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This instructable was written by Anthony Turner. The project was developed with lots of help from the Shed in the School of Computing, University of Kent (Mr Daniel Knox was a great help!).

It will show you how to build an Automated Audio Recording Unit for less than £150. You can use this unit to conduct research in the field of Soundscape Ecology (which is why I built this). You could use it to monitor the birds in your garden or just to make nice recordings of the dawn chorus, without having to get up really early.

The ARUPi (Automated Recording Unit Pi) uses the Raspberry Pi computer and an Arduino-based power-control board called the Sleepy Pi. It is fully customisable and you will be able to add different environmental sensors to the units if you wish (not explained here). This instructable will give you a bare-bones unit. I will provide you with an Arch Linux operating system (OS) that is stripped down and has the recording program pre-installed on it.

You may need to do some (very simple) soldering so be prepared for this, but it is possible to build this unit without soldering if you do not own or cannot afford a soldering iron (ca. £10). I will split this instructable into several steps. The first ## steps will deal with getting the software onto your ARUPi and getting the computer side of things up and running (uploading software to Raspberry Pi and Sleepy Pi). Once you have done this, you will be able to go your own way and decide which microphones and casing you want to use. If you want to make what I have made, then continue with the instructable and it will show you how to build some cheap (but good) microphones and assemble some field-tested, fully waterproof, pretty robust ARUPi's (pictured).

Step 1: Step 1 Items Needed

NB: for a more detailed list of parts, see note at end of Step 2

1. Raspberry Pi A+ (case optional) - get it from PiMoroni/Ebay/Amazon

2. Sleepy Pi - http://spellfoundry.com/products/sleepy-pi/

3. Sleepy Pi programmer - http://spellfoundry.com/products/sleepy-pi-program...

  • This programmer saves a lot of hassle. However, you can build your own for less money if you buy an FTDI 3.3V USB to TTL Arduino Programmer cable/board (http://spellfoundry.com/sleepy-pi/programming-sleepy-pi-standalone-board/). If you are new to programming I recommend buying the Sleepy Pi Programmer.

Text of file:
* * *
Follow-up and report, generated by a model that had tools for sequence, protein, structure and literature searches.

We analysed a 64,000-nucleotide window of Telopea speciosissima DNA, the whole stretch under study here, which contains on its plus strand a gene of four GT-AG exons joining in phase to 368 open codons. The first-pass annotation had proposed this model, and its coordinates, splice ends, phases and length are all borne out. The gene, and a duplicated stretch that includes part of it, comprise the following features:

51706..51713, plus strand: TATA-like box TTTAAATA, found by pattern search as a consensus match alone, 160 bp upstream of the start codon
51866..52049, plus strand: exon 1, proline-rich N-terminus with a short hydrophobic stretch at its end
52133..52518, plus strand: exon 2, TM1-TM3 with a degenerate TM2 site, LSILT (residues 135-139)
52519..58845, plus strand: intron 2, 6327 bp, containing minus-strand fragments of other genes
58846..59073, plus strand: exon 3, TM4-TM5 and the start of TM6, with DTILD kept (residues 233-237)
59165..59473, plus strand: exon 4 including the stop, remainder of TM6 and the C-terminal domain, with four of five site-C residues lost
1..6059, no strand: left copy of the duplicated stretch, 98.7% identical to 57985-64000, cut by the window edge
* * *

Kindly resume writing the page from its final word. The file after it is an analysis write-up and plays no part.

4. 16GB Kingston Data Traveler Micro (pictured). You need to format the USB drive to NTFS before plugging it into your Raspberry Pi (format USB using Windows Explore - see image). If you decide to use a different make/model/capacity USB storage device, you may need to change some information in the /etc/fstab system files on the ARUPi OS I supply you with. The OS I provide you with mounts the 16GB Kingston Micro DT to sda1 (the kingston Micro DT 64gb usb drive mounts to sda5 - you need to alter these in the fstab folder, but that is included in the instructions a bit later on). Whichever USB drive you go with, make sure you use the same one each time you change it in your completed ARUPi when out in the field - the ARUPi will not automatically recognise a new USB drive.

5. USB soundcard. I chose the Creative Soundblaster Play! because it records 16bit Stereo up to 48KHz. It is also compatible with the Raspberry Pi and doesn't need any extra drivers - plug and play. However, there are cheaper USB soundcards available so it might be worth investigating.

6. USB splitter. The one pictured works well and is available on Ebay from multiple sellers. It is slightly less bulky than others that are available (but it is still rather big - but it is more bendy so fits inside my waterproof enclosure well).

<p>Hi Anthony,</p><p>I'd like to chat with you about your project. Can we have a Skype sometime? I'm from the Open Source Beehives project, and we'd like to use these to record some field audio in beehives.</p><p>Thanks,</p><p>Aaron</p>
Hello Aaron,<br><br>That sounds interesting! I would be happy to Skype yes. I currently work full time but can Skype on Saturday or one evening (except this evening). Where are you based? I am in the UK.<br><br>All the best, <br><br>Anthony
<p>Thank you Anthony for your amazing project! I've been looking for devices to automatically record something I call a soundlapse (soundscape+timelapse), to make a collage loop where you can hear how the soundscape changes through the year in different environments. This project is going to cut my search for different solutions short and get me right into business!<br><br>You mention something about aiming for better sound quality in the beginning, what's your opinion of alternative choices of soundcards? I'll do it stereo, that's for sure, but otherwise I need to try to keep the costs down!<br><br>A</p>